Fennel and Beef Bolognese

Very Veggie Fennel and Beef Bolognese

This family favourite is a perfect dish to “hide” as many vegetables as you like, as long as they are VERY finely chopped and almost invisible….to the naked suspicious eye!! This bolognese uses Fennel, which you may not consider for this classic dish, but give it a go; the flavour is subtle and works really well. Adding vegetables and red lentils here not only boosts the nutrients and fibre, but you’ll end up with a more economical, delicious rich ragu that’s guaranteed to be a winner!

I’ve served it here with courgetti ribbons if you’re looking for an alternative to pasta, but it also works well with brown rice or a jacket potato for a gluten free option

To make this Bolognese, you’ll need…..

  • 500g Beef (preferably Organic) mince
  • 1 large Fennel bulb, finely chopped (shredded, then diced)
  • 2 large Onions, finely diced
  • Olive oil
  • 4 large cloves Garlic, crushed
  • ! tablespoon Fennel seeds
  • 2 large Carrots, grated
  • 1 large Courgette, grated
  • 1 teaspoon smoked Paprika (optional)
  • 30g flat-leaf Parsley, finely chopped
  • 1 tin chopped tomatoes
  • 2 tablespoons tomato puree
  • 50g Red Lentils
  • 2-3 pinches chilli flakes
  • Sea Salt/Ground Pepper to season


Here’s how….

Fry the onions, diced fennel, garlic and fennel seeds in a little olive over a moderate heat for 5 minutes, until the vegetables have softened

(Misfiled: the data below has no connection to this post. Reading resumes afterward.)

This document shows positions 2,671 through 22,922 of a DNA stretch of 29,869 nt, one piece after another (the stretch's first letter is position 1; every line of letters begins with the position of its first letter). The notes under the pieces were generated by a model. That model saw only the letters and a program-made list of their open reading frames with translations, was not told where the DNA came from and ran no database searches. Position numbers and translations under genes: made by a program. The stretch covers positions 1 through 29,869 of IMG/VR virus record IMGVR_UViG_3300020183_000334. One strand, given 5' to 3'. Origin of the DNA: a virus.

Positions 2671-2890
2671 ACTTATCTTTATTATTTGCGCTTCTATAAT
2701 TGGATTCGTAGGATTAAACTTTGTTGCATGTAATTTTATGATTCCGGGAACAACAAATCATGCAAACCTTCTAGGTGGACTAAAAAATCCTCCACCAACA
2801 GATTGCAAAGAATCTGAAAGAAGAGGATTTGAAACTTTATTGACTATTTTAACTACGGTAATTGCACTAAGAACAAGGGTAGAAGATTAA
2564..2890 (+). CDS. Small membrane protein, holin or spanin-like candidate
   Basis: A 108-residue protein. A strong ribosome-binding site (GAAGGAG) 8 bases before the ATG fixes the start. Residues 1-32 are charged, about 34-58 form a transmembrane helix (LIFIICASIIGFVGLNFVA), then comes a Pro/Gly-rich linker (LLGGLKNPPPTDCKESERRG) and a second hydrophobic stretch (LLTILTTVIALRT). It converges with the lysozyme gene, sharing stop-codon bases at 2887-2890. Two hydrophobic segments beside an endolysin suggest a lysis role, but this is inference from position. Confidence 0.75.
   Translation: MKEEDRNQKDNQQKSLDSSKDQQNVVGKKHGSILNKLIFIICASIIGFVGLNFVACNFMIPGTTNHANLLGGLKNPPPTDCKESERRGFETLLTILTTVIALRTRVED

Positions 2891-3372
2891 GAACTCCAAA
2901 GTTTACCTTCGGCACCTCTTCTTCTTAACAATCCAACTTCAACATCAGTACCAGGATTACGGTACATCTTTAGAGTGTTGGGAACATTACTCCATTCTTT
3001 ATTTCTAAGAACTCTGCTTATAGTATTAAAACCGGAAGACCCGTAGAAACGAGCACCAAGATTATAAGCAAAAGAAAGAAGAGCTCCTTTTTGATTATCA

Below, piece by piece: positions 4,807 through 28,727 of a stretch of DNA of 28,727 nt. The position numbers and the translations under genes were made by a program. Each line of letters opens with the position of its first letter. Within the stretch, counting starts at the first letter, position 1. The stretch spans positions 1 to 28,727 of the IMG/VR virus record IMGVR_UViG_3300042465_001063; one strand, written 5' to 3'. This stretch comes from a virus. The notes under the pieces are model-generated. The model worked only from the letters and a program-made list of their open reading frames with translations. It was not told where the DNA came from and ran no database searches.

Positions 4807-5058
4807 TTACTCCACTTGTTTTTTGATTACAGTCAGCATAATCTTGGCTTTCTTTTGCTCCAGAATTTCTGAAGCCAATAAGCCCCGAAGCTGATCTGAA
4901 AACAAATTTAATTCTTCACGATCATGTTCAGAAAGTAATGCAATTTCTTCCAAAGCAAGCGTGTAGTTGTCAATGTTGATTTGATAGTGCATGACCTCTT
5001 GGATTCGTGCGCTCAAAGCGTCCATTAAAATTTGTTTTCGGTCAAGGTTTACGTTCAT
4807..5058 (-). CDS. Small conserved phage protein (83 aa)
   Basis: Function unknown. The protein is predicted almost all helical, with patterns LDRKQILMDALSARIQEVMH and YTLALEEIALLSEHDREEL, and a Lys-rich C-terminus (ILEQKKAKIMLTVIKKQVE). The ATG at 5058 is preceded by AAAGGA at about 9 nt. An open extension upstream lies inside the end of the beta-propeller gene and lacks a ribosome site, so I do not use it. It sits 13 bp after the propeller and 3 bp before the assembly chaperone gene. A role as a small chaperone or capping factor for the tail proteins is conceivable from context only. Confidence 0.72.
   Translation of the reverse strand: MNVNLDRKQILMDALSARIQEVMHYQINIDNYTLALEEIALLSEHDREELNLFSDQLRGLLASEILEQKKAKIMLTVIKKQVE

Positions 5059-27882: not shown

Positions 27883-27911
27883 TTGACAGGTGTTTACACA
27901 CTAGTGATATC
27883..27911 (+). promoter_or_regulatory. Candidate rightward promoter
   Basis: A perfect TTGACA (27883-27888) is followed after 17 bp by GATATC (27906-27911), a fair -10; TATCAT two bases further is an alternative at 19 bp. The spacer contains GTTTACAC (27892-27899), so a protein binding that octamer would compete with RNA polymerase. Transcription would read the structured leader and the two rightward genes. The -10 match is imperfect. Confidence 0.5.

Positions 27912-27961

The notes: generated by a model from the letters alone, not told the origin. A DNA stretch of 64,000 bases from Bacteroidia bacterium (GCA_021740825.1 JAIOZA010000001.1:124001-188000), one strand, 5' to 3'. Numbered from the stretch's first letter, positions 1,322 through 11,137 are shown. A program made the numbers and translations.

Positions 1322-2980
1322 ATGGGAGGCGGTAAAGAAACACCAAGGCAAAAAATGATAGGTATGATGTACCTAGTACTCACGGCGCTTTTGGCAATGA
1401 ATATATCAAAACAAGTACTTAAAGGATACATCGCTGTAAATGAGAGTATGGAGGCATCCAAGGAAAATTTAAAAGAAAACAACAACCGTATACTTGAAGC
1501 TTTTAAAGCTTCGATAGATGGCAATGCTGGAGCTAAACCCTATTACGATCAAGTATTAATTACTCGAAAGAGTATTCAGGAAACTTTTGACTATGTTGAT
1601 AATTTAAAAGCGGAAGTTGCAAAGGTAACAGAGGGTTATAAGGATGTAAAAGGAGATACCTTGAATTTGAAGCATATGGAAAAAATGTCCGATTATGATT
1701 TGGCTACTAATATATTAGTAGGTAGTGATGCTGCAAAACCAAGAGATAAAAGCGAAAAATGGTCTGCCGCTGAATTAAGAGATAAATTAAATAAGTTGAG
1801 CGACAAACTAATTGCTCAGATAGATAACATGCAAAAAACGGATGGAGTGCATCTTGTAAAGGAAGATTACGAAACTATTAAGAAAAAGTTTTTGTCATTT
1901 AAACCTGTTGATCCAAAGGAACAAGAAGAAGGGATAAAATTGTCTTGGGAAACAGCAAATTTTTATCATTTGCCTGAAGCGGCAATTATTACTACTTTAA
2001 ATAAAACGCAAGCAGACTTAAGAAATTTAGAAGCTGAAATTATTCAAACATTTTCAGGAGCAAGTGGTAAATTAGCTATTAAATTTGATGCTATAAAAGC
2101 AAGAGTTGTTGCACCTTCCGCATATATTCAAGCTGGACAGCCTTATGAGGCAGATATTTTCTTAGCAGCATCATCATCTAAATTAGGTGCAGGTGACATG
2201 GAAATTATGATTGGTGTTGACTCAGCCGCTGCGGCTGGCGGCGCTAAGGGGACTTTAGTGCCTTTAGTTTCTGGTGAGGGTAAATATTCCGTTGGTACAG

Add the beef and continue to fry until browned

Add the carrots, courgettes and all remaining ingredients and stir thoroughly. Bring to the boil, reduce to the lowest heat and allow to simmer with the lid on, for approximately 1½ hours, stirring occasionally until you have a thick, rich sauce.



A food processor or Thermomix machine is ideal to finely chop all the fresh vegetables and fresh herbs.

Make a double batch and freeze half for a nutritious ready meal when you’re pressed for time or simply want a day off from the kitchen!

Nutritional Nugget

Adding Fennel to your meals not only enhances the flavour but also provides a good nutrition boost, including the antioxidant vitamins A and C and plenty of fibre. The bulb as well as the long stalks, leaves and seeds are edible and have been used for medicinal purposes for centuries. It is rich in essential oils that help relax the stomach and stimulate the digestive system; helping to relieve digestive symptoms such as wind and bloating which can cause discomfort. CLICK HERE for more about the health benefits of this vegetable.

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